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A publication of

The Italian Association

VOL. 32, 2013 of Chemical Engineering

Online at: www.aidic.it/cet

Chief Editors: Sauro Pierucci, Ji J. Kleme

Copyright 2013, AIDIC Servizi S.r.l.,

ISBN 978-88-95608-23-5; ISSN 1974-9791

Heinz A Preisig

Department of Chemical Engineering, Norwegian University of Science and Technology, Trondheim, Norway

Heinz.Preisig@chemeng.ntnu.no

In any plant, it is the pressure that drives convective flow of mass from one part to another. A systematic

method of modelling the flow and the pressure distribution is derived based on a finite-volume approached

captured in a graph. This approach is conform with our network modelling method visual modelling.

1. Background

Most process models are based on a network of finite volumes. Chemical engineers refer to it as the control-

volume approach (Preisig, 2010). We look at the network as a graph, where the volumes represent the

capacities and the arcs the transfer of extensive quantities, more precisely mass flow, usually a vector of

component mass flows, energy flow, usually conductive and radiation heat flow, mechanical work, volume

work and the like. Whilst mass has a considerable inertia, the pressure distribution is happening at the speed

of sound, thus comparatively very fast. In most cases, the dynamics of the pressure distribution is not of

interest in chemical processes and one assumes it to just happen, technically speaking one assumes event-

dynamics. The exception is the description of explosions, detonations any system that operates on the time

scale of pressure wave propagation in a system. But why do we need the pressure distribution? First reason is

that convective flow is driven by the pressure difference and the second one is that the material properties are

a function of pressure as it enters the equation of state and thus the energy functions.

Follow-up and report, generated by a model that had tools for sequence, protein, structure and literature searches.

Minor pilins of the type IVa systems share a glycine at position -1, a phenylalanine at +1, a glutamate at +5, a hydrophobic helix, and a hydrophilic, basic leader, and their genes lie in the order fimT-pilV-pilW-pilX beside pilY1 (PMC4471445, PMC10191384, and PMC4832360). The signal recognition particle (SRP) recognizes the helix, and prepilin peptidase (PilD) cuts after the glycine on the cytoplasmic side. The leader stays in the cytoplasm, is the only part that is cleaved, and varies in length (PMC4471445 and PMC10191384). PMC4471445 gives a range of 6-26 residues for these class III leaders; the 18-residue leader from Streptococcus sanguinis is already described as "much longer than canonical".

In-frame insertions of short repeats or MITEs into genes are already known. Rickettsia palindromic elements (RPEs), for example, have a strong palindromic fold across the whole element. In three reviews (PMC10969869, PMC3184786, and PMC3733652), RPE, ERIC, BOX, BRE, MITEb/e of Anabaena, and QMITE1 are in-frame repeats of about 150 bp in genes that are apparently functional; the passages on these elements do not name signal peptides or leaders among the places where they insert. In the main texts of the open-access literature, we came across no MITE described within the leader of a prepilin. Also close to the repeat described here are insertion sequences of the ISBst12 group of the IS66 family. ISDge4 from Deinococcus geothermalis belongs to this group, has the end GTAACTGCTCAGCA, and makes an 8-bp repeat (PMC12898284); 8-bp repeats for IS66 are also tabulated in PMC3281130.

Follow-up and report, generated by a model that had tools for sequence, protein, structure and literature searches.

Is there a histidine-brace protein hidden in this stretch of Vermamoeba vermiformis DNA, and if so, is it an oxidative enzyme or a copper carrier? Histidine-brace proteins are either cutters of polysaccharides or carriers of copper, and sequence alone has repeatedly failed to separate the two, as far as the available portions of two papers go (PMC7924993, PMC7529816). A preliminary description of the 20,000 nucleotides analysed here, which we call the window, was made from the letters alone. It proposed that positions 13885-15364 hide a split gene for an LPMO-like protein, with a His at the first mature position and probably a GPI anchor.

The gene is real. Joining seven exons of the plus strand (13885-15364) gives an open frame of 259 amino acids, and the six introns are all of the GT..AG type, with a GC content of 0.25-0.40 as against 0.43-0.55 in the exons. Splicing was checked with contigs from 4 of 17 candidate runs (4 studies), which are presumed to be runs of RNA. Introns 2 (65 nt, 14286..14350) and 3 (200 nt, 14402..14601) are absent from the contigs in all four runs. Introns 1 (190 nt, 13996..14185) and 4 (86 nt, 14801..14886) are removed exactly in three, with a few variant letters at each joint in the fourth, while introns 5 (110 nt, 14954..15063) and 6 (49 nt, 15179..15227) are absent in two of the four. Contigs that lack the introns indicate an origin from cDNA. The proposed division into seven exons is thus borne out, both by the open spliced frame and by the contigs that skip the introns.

2. A Sample System

To illustrate the approach, we introduce a simple, but representative common part of a plant (Fig. 1). It is a

near barometric pressure inside. In addition the tank has a feed pipe connected to the water supply on the top,

and the bottom outlet is connected to the drain at barometric pressure.

The mechanics of the process are apparent: As one puts water into the tank it starts filling up, whilst the water

outflow is driven by the pressure in the tank. Latter is essentially the barometric

pressure plus the hydrostatic pressure exerted by the water. The flow into the tank is

a free jet that extends from the end of the pipe to the water surface. The purpose of

the breathing pipe is to allow for air to go in and out of the tank so as to equalize the

inside pressure with the outside pressure. This is a dynamic process and if the tank

level changes fast, the breathing pipe's resistant will have the effect that the pressure

inside and outside are not equal.

The modelling of the process is done step by step with the first one being an

abstraction of the plant as a network of capacities and flows of extensive quantities.

2.1 A first topology

The modelling approach we call visual modelling. The plant model is represented

as a graph choosing the nodes to represent capacities and the arcs to represent

flows of extensive quantities. When establishing this graph, we make the first set of

time-scale assumptions.

Any system we describe uses three time domains, one in which the associated Figure 1:

capacities are considered constant, one in which they are dynamic and change Sample process

1268

visibly with time, and one in which things just happen, being event-

dynamic. The constant systems, we call reservoirs. Shown as half

circles they are open on one side extending to infinity. For

dynamic systems we have two cases to consider, namely

distributed systems and lumped systems. Lumped systems are

characterised by intensive properties not to be a function of the

position in contrast to the distributed systems where the intensive

properties are a function of the position. Both type of systems are

of finite dynamic nature and are mathematically formulated as

differential equations. Lumped systems are ordinary and

distributed systems are represented by partial differential

equations. In the third domain we have event-dynamic systems,

which, when lumped are shown as simple bars and when

distributed as rectangles. The initial topology always contains

maximal information. Any change towards more detail requires an

extension of the graph splitting capacities and adding more

transfers, make the granularity of the model finer (Preisig, 2010).

Our first and maximal graph is shown in Fig. 2. Here the oval

nodes represent the distributed capacities as labelled, whilst the

bars represent the boundaries between the respective capacities.

2.2 More time-scale assumption

Further simplifications are based on additional time-scale